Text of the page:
Citywire AA-rated Nick Train is looking to spend a likely influx of cash by topping up on a number of stocks in his Lindsell Train UK Equity fund that he believes present 'compelling value' after falls in the stock market sell-off.
Two of the stocks in Train's concentrated £4.8 billion fund, representing 5.5% of the portfolio, are subject to takeover bids, meaning Train could be handed around £260 million for his stakes in Fidessa (FDSA) and Dr Pepper Snapple (DPS.N).
Should their respective takeovers by Swiss banking software firm Temenos (TEMN.S) and US coffee company Keurig Green Mountain succeed, Train has his eye on a number of candidates for the cash from his portfolio.
'At the start of the year, I might have hesitated about where to aggressively deploy 5% cash, given the strong returns from many holdings in 2017 and I might have wondered if a new holding might’ve been initiated,' he said in his latest update to investors.
'Today I’m not saying there aren’t new ideas that could be introduced to the portfolio, but I am saying that many existing holdings are looking compelling value to us again.'
Train (pictured) noted that before March's rally, Burberry (BRBY) was down nearly 25% from its 2017 peak. Payroll system provider Sage (SAGE) has fallen 22%, analytics provider RELX (REL) dropped 18%, investment businesses Schroders (SDR) and Hargreaves Lansdown (HRGV) are both down 15%, and drinks maker Diageo (DGE), snack company Mondelez, and consumer goods giant Unilever (ULVR) are all down by more than 10% from recent highs.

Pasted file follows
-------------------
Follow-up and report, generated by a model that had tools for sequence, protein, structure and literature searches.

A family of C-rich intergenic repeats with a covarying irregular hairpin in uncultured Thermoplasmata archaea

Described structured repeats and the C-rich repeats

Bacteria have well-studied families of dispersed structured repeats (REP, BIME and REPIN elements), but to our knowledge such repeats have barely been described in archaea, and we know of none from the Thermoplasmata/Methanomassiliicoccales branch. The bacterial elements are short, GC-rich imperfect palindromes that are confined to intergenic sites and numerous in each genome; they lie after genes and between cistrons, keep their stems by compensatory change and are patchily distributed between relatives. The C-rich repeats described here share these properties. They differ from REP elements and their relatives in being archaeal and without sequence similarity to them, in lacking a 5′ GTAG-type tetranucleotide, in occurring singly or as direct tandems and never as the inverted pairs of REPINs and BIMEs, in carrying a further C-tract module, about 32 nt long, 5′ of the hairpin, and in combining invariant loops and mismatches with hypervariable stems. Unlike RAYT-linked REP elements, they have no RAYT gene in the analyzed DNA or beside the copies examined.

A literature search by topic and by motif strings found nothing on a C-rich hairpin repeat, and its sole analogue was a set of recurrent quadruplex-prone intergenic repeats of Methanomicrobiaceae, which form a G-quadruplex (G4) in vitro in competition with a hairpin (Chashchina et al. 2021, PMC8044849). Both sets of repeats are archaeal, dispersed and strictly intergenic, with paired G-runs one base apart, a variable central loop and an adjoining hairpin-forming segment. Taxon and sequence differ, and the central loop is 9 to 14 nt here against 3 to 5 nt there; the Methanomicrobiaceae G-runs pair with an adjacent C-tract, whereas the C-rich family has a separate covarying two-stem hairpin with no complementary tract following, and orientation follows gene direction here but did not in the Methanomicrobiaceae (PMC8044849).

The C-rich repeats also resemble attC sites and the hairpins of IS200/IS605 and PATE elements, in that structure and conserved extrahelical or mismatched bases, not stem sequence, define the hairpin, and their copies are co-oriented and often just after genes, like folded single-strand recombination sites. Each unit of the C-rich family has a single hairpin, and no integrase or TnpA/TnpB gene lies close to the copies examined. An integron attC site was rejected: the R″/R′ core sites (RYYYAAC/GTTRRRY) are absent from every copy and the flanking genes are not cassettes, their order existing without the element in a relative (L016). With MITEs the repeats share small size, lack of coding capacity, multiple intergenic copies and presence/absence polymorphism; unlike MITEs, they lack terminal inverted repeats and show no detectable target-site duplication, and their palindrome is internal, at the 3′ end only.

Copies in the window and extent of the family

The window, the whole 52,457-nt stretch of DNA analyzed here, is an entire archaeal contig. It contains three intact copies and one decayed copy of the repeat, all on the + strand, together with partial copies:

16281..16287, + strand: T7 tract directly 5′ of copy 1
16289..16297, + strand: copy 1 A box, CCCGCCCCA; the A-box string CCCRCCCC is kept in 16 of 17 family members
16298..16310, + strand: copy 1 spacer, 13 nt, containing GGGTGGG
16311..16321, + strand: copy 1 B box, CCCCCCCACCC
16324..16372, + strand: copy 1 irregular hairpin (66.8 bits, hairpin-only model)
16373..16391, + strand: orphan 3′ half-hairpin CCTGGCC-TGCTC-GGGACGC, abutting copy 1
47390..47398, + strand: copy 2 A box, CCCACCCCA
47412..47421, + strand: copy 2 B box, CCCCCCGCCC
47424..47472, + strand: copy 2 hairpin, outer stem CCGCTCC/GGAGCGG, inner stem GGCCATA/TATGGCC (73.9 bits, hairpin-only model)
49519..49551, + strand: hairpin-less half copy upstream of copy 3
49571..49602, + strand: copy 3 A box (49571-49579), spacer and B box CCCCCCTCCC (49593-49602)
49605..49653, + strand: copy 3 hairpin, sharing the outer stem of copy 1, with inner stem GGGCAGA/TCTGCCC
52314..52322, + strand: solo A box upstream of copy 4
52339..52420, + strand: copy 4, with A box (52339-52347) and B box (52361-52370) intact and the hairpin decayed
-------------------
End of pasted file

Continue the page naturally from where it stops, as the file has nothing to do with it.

‘Some of the falls in our major holdings are already not trivial,’ he said. ‘10% declines are usually acknowledged as "corrections", with anything at 20% or more down seen as a proper bear market. Those declines are getting interesting to us,' he said.
Train has already added to his holding Burberry, which he believes UK investors need to be reminded is an ‘exceptional brand’ despite ‘the excessively cautious valuation the brand is accorded’.
‘We have been adding to our holding, as has the newest strategic investor in Burberry, Groupe Bruxelles Lambert - which has now moved to owning 6.6% of the company,’ said Train.
‘Check GBL out - it has a great record in identifying undervalued, quality assets.’
One holding that has better weathered 2018 to date has been Pearson (PSON), up 4.6% in 2018 so far.
But the education publisher is a long-term laggard for Train, having nearly halved from an early 2015 peak.
The stock is also held in the Lindsell Train Global Equity fund, and James Bullock, co-manager on that fund alongside Train and Citywire AAA-rated Michael Lindsell, believes February's full-year results showed some ‘subtle... optimism’.
Headline figures showed a return to profitability and falling debt, as well as a better-than-expected dividend.
Bullock said Pearson was like Nintendo (7974.T), another Lindsell Train holding, back in 2014, as it struggled with digitisation's transformation of gaming.
‘Investors have long feared disruption from a digital shift and to some extent it is now happening,’ he said. ‘However, the key threat that many had envisaged - that barriers to entry would collapse, ushering in hoards of new competitors - doesn’t seem to have materialised.’
He added that Pearson’s core offerings were ‘extremely valuable to customers’ and the market share in US higher education courseware had risen but the price was being reduced by the likes of Amazon (AMZN.O).
‘For an incumbent like Pearson, digital should be an opportunity to add value to products that have changed little over the past decades,’ said Bullock.
‘The overall business is now 69% digital and services so there’s plenty more for them to do. 2018 will be a critical year operationally but some early green shoots are already evident.’